The first hint is its asymmetry, the right tail being longer than the left tail.
Further, the helpful labelling of the "average" does not coincide with the peak of the curve.
The author of the annotation seemed to understand, calling the distribution "skewed". A Bell Curve is not skewed.
This is a pity because the designer might have selected a different chart type if she wasn't so enamored by the bell curve object.
The data tells us about users of 30-day unlimited passes in the New York City subway system: how many trips do they typically make? The card costs $81 while each trip costs $2 so anyone taking fewer than 40 trips in those 30 days would have been better off buying individual tickets. The "average" user took 56 trips. The range of trips taken was very wide, perhaps surprisingly so.
Several key pieces of information has been left off the chart. What is the total number of riders? Without this, there is no way for readers to understand 15,185. What is the smallest (and largest) number of trips taken by any rider? Visually, it appears that the horizontal axis does not start at zero.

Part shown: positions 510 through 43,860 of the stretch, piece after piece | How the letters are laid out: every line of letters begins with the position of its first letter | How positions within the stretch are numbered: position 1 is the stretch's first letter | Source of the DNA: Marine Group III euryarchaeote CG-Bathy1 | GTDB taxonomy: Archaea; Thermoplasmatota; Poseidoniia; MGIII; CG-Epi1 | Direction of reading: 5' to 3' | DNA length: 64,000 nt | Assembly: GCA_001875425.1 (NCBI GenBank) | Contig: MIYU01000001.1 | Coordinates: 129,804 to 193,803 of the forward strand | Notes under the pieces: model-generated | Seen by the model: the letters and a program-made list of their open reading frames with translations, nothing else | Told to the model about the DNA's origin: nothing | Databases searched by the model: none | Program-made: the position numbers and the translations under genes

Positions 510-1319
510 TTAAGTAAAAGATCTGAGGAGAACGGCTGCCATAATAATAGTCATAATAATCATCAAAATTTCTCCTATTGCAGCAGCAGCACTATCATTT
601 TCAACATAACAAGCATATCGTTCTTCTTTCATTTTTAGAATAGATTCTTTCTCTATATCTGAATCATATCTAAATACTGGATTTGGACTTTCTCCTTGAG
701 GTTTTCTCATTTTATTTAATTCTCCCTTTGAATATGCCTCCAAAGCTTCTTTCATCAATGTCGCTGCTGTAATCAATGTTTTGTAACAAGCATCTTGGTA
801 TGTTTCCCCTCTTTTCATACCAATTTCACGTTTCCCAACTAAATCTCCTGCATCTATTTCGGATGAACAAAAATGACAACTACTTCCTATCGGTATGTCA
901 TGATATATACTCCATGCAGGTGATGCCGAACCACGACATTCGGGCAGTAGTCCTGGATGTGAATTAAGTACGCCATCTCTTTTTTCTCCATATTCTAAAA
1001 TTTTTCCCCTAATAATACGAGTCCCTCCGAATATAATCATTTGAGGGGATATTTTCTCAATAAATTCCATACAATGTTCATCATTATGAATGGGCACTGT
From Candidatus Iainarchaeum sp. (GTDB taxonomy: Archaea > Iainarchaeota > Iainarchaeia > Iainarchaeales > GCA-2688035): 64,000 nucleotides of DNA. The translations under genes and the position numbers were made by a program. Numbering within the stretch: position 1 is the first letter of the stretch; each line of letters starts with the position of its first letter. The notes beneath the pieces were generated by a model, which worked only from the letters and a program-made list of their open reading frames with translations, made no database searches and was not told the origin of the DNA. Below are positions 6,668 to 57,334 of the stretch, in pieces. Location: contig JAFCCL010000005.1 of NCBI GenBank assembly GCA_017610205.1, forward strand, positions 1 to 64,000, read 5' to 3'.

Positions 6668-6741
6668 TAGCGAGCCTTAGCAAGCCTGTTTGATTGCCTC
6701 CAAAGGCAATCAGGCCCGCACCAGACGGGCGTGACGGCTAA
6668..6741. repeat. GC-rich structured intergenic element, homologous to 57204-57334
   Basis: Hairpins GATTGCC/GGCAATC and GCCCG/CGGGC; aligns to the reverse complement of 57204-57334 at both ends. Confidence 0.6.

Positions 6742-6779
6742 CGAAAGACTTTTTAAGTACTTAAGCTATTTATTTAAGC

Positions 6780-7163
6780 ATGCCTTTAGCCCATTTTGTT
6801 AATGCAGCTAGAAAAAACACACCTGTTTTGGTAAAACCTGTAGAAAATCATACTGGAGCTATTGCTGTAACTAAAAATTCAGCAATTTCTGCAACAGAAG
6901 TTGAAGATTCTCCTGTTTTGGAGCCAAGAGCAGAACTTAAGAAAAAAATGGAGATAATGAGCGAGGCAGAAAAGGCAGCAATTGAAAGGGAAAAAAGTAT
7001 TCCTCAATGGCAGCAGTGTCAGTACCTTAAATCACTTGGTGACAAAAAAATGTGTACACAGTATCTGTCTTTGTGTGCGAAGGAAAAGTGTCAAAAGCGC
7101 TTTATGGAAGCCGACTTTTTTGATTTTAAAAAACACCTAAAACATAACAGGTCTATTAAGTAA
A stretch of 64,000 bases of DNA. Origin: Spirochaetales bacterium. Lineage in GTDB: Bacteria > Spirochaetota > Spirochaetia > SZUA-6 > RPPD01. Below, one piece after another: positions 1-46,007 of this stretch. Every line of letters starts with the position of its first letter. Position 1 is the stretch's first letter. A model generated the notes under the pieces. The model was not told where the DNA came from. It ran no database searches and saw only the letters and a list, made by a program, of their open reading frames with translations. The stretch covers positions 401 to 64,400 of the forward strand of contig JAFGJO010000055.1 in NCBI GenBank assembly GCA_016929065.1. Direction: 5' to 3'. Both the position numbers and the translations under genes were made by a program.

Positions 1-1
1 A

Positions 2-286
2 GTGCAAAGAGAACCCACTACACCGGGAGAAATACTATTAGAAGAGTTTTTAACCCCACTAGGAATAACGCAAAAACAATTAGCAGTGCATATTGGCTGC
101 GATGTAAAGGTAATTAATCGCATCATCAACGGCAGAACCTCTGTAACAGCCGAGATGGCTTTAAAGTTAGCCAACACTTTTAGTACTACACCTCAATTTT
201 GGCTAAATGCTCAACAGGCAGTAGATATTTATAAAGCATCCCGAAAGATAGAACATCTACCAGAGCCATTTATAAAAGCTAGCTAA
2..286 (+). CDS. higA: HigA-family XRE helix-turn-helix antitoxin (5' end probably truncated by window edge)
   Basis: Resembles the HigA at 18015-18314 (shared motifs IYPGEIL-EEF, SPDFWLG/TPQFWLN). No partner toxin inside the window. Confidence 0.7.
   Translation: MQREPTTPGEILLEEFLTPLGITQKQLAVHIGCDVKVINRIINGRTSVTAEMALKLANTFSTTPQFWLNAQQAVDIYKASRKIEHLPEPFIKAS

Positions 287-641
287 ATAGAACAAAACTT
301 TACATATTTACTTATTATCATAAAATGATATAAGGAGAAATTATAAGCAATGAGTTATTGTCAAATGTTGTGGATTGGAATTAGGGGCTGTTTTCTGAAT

It would have been better to show a cumulative distribution with percentages of riders on the vertical axis. On such a chart, we can read off the median and any percentiles. In other words, it would be much more informative.
As it stands, I like very much the annotation of the 56 trip and the 100 trip points: they are great aids to help decipher the chart. It would be great to indicate the 40 trip point too.
For those more technically inclined: the graph also begs the question of whether it is an actual or modelled curve. It looks too smooth to be actual data. If it is a model, then it is definitely not a normal distribution. What could it be? A spline?
Reference: "In Decade of Unlimited Rides, MetroCard Has Transformed How the City Travels", New York Times, July 16 2008.